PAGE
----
Tales Told in Holland

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Olive Beaupré Miller
Kessinger Publishing, Jan 1, 2005 - Social Science - 192 pages
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1926. Tales Told in Holland consists chiefly of stories with a few translations from the greatest Dutch poets and a few old Dutch nursery rhymes, naive and nonsensical as our English rhymes, and contrasting interestingly with the far more sophisticated rhymes of the French. There is at least one story from each of the eleven Dutch Provinces, which form the kingdom of the Netherlands. In addition to these folk tales, there are tales of the great Dutch artists, that wonderful group whom even Italy could scarcely excel, and stories with a background introducing all the high spots in Dutch history, from the time when the Netherlands formed a part of the Empire of Charlemagne through her most dramatic days of struggle for independence from Spain and down to the Peace Palace of today. Thus this book comes to reveal in a way most interesting to the child, as much as possible of all sides of Dutch life; its history, art, literature, geography, and customs as well as the Dutchman's sense of humor, his love of cleanliness and thrift, his sturdy independence and the character of his fancies.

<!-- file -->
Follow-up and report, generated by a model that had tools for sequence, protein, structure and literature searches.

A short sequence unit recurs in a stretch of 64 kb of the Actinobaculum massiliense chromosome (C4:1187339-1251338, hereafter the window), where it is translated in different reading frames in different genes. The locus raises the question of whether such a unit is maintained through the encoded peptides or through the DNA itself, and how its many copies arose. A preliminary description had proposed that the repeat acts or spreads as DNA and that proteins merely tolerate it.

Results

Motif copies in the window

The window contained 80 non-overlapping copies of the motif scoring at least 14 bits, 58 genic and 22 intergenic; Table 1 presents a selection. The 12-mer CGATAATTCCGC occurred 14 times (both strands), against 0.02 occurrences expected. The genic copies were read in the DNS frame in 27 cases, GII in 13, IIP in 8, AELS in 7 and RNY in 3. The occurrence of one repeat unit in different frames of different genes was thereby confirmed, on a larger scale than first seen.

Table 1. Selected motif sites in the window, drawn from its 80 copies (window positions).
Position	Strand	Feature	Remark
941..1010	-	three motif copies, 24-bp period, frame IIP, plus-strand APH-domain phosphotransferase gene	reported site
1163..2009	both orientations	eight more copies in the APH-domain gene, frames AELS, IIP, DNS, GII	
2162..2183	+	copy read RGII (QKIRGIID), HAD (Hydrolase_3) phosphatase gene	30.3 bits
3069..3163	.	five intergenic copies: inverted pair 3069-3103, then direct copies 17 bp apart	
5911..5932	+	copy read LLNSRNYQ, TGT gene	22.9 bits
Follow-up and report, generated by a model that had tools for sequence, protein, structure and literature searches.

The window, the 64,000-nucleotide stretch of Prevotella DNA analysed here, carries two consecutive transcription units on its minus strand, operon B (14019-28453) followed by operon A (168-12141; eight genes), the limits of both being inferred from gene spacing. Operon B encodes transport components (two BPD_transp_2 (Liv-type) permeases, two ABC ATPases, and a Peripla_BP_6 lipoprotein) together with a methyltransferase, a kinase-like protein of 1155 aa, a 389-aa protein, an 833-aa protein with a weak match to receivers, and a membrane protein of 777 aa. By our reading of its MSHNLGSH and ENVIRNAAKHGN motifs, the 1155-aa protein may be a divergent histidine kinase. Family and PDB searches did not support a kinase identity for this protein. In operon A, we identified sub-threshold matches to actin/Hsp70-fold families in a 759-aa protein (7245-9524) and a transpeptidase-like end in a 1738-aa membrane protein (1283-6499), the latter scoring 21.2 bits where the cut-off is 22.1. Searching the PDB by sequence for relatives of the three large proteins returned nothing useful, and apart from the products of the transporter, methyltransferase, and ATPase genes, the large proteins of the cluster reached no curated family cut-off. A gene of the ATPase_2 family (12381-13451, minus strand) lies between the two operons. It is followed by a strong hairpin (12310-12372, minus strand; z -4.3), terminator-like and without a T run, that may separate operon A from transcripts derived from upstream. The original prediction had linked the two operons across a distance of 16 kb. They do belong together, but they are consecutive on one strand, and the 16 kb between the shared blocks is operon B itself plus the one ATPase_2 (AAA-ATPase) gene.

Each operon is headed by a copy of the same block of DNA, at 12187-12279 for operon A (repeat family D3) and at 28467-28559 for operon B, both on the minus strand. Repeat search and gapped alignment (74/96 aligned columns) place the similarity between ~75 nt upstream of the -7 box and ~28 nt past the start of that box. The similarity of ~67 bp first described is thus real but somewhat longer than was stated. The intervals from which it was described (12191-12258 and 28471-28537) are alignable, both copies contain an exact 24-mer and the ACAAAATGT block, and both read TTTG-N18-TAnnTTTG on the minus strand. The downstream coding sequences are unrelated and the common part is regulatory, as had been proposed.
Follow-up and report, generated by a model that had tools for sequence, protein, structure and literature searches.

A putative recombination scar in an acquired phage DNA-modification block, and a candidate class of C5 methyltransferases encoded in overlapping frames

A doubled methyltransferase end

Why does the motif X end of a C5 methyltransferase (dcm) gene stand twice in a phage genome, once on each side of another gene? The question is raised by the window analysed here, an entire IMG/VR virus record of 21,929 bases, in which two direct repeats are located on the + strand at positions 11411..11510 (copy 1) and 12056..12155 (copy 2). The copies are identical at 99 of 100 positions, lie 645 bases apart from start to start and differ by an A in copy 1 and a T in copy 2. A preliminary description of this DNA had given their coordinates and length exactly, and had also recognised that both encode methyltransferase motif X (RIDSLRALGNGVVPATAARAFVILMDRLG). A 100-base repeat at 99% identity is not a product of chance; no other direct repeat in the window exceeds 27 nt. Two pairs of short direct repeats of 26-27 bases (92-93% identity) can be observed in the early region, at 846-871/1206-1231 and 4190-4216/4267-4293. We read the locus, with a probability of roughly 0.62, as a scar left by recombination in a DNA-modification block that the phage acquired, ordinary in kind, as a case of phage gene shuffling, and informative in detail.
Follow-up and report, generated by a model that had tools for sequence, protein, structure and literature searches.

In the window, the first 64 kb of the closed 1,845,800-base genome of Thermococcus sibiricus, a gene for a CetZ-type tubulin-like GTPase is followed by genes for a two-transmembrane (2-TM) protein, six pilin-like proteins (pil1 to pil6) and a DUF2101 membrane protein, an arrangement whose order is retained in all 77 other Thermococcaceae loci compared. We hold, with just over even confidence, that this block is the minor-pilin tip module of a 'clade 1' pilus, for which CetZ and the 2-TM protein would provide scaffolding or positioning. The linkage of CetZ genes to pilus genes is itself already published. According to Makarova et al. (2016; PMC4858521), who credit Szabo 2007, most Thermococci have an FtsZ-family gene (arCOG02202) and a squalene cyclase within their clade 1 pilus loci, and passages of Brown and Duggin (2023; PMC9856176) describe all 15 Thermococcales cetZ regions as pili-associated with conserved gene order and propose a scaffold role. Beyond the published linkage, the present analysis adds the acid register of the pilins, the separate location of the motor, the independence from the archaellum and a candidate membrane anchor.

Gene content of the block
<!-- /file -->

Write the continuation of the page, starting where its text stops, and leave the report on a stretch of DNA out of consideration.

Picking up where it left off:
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About the author (2005)

Maud Fuller Petersham was born in Kingston, New York on August 5, 1889. She graduated from Vassar College in 1912 and later studied at the New York School of Fine and Applied Art. She worked at the International Art Service, where she met her future husband and life-long illustrating partner, Miska Petersham. The husband-and-wife team illustrated more than 70 books for children, many of which they also wrote. They received the 1946 Caldecott Medal for The Rooster Crows: A Book of American Rhymes and Jingles. Their other works include The Rootabaga Stories by Carl Sandburg, The Box with Red Wheels, and The Christ Child. She died in 1971.

Miska Petersham was born in Torokszentmiklos, Hungary on September 20, 1888. He graduated from the Budapest Academy of Art in Hungary and immigrated to the United States in 1912. He worked at the International Art Service, where he met his future wife and life-long illustrating partner, Maud Petersham. The husband-and-wife team illustrated more than 70 books for children, many of which they also wrote. They received the 1946 Caldecott Medal for The Rooster Crows: A Book of American Rhymes and Jingles. Their other works include The Rootabaga Stories by Carl Sandburg, The Box with Red Wheels, and The Christ Child. He died in 1960.

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